All you need to know about Georgia’s parliamentary elections on Oct. 31
Georgia is a parliamentary republic, which means that whoever wins this election will govern the country for the next four years.
These elections are particularly important. Here’s why:
1. If the Georgian Dream party, which has governeed the country for the past eight years, has a convincing victory on October 31, it will become the first ruling party in Georgia to be elected for a third term.
2. However, at the same time, there is a high probability that no political force will be able to gain enough votes to form a government on its own, and therefore the formation of a coalition government consisting of representatives of various parties is likely. This has never happened before in Georgia.
3. In addition, this will be the first parliamentary elections in which a parliament will be elected in the country under a predominantly proportional system.
According to the constitutional amendment, 120 MPs in the 150-seat parliament will be elected proportionally, i.e. according to party lists, and only 30 – in single-mandate majoritarian constituencies. (Earlier, 77 MPs were elected by party lists, and 73 MPs – by majoritarian districts. Now, instead of 73, Georgia has 30 majoritarian districts).
4. Another important change is that the electoral barrier in these elections is one percent, that is, a party that receives one percent of voters’ support has a chance to get a seat in the parliament. This means that even small parties have a chance to get into the legislative body, and as a result, the country could end up with a much more diverse parliament than ever before.
2012. Parliamentary election results: Georgian Dream – 54.97%, United National Movement (the party of President Mikheil Saakashvili) – 40.34%
2016. Parliamentary election results: Georgian Dream – 48.68%, United National Movement – 27.11%, Alliance of Patriots – 5.0%
2018. Presidential election results: Two rounds were required to elect the President. In the first round, candidate Salome Zurabishvili, supported by the Georgian Dream, gained 38.64% of the votes, while candidate from the opposition United National Movement – Grigol Vashadze – 37.74%. In the second round, Zurabishvili – 59.52%, Vashadze – 40.48%.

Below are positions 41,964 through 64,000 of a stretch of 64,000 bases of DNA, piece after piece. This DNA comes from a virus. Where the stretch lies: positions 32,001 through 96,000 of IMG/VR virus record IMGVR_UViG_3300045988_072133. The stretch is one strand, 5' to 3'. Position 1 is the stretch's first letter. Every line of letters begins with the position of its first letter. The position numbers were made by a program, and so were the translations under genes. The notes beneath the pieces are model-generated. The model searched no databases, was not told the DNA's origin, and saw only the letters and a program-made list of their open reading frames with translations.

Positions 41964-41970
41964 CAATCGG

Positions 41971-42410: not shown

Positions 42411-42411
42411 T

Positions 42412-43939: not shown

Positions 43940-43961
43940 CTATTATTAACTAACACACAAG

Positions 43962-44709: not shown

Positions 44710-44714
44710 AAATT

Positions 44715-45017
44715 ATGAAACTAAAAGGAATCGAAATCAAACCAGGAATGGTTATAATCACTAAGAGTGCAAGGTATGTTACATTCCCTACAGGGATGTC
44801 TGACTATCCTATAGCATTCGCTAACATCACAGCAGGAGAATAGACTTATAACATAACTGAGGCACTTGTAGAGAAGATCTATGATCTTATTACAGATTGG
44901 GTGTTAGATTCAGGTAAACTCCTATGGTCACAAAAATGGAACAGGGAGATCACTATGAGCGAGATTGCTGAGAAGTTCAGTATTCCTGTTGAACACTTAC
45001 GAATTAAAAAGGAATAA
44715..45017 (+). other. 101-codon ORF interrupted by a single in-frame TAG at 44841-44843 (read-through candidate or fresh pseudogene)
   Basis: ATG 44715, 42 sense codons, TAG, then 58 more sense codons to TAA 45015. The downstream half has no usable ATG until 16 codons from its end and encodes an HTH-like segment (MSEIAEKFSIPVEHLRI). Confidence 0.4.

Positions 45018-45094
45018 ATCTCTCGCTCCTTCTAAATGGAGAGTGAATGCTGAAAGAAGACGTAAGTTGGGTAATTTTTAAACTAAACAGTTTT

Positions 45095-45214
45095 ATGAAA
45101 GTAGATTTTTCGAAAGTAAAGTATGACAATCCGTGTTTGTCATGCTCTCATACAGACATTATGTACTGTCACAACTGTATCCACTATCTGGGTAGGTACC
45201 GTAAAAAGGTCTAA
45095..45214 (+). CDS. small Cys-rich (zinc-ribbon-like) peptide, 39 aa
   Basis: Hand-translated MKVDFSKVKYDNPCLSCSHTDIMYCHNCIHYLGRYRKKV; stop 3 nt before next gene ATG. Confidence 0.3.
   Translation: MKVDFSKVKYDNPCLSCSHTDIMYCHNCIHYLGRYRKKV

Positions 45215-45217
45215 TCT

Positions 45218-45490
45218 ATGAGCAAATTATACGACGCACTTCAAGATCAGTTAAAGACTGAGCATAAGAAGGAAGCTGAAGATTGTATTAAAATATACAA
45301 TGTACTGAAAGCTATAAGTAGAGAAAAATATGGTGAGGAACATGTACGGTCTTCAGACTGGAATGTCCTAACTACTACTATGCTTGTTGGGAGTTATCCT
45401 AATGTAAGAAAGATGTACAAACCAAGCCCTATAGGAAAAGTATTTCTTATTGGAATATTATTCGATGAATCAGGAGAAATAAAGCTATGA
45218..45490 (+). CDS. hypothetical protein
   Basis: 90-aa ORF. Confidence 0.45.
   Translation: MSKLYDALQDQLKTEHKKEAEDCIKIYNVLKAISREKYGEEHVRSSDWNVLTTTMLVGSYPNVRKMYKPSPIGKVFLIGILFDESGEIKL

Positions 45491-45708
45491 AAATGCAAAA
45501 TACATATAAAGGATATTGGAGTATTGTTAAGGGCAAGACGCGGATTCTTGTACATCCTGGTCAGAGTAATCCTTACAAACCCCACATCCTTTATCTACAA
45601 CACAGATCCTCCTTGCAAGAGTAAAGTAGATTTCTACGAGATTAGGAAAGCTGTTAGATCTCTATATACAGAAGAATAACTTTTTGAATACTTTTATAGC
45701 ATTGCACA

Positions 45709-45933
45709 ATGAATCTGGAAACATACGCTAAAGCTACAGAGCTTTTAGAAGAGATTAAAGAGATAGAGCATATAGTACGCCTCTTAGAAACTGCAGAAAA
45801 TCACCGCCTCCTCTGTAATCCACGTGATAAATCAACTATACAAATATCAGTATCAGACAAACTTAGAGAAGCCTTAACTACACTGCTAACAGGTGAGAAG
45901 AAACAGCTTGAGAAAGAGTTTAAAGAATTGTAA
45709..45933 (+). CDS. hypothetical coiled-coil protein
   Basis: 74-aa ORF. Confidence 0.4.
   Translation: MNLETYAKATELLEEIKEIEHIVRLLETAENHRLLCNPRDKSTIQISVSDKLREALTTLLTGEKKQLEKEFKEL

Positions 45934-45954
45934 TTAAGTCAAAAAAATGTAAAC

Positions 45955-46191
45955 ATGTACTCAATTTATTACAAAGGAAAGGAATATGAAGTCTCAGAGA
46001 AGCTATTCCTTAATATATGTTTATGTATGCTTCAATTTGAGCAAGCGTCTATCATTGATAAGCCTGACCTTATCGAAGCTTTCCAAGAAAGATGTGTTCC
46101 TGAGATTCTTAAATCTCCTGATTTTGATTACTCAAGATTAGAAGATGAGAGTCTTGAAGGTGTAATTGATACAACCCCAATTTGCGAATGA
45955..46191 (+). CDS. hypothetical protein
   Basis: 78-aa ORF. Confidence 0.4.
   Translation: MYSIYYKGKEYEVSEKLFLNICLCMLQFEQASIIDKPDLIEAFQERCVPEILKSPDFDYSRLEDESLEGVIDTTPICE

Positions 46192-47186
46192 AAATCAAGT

Due to the coronavirus, thousands of citizens will not be able to vote in the elections.
The Central Election Commission will send portable ballot boxes to those infected with the coronavirus and self-isolating, but there were many bureaucratic obstacles to registering such voters, so many did not succeed. In addition, it was possible to register only until October 27, i.e. those diagnosed with the virus after that date will not be able to vote.
Who will have the right to form a government?
Under the new legislation, a government can be formed by a party that receives at least 40.5% of the vote in proportional elections. If the result of the party is less, it will not be able to form a government alone, even if it wins all the majoritarian districts.
However, 40.5% still does not mean a majority required to form a government. This is only 48 seats, and the approval of a government in a 150-member parliament requires the support of a majority of 76 seats. That is, a party that crosses the 40.5% threshold will need an additional 28 seats to form a government. It should either get 28 seats from the majoritarian districts, or think about a coalition with another party.
Blocks, parties, leaders and their electoral tactics
There are 48 political parties and two electoral blocs participating in the elections.
According to all polls, the ruling Georgian Dream party will receive the largest number of votes in proportional elections.
The pre-election strategy of the Georgian Dream, as in the previous elections, is based on opposing the oppositional United National Movement and its leader, former president Mikheil Saakashvili.
Just like in the previous elections, this time, a few days before the elections, the government started talking about the opposition preparing for an armed uprising.
Bidzina Ivanishvili, the billionaire leader of the Georgian Dream and the country’s informal ruler, is not actively participating in the electoral process this time.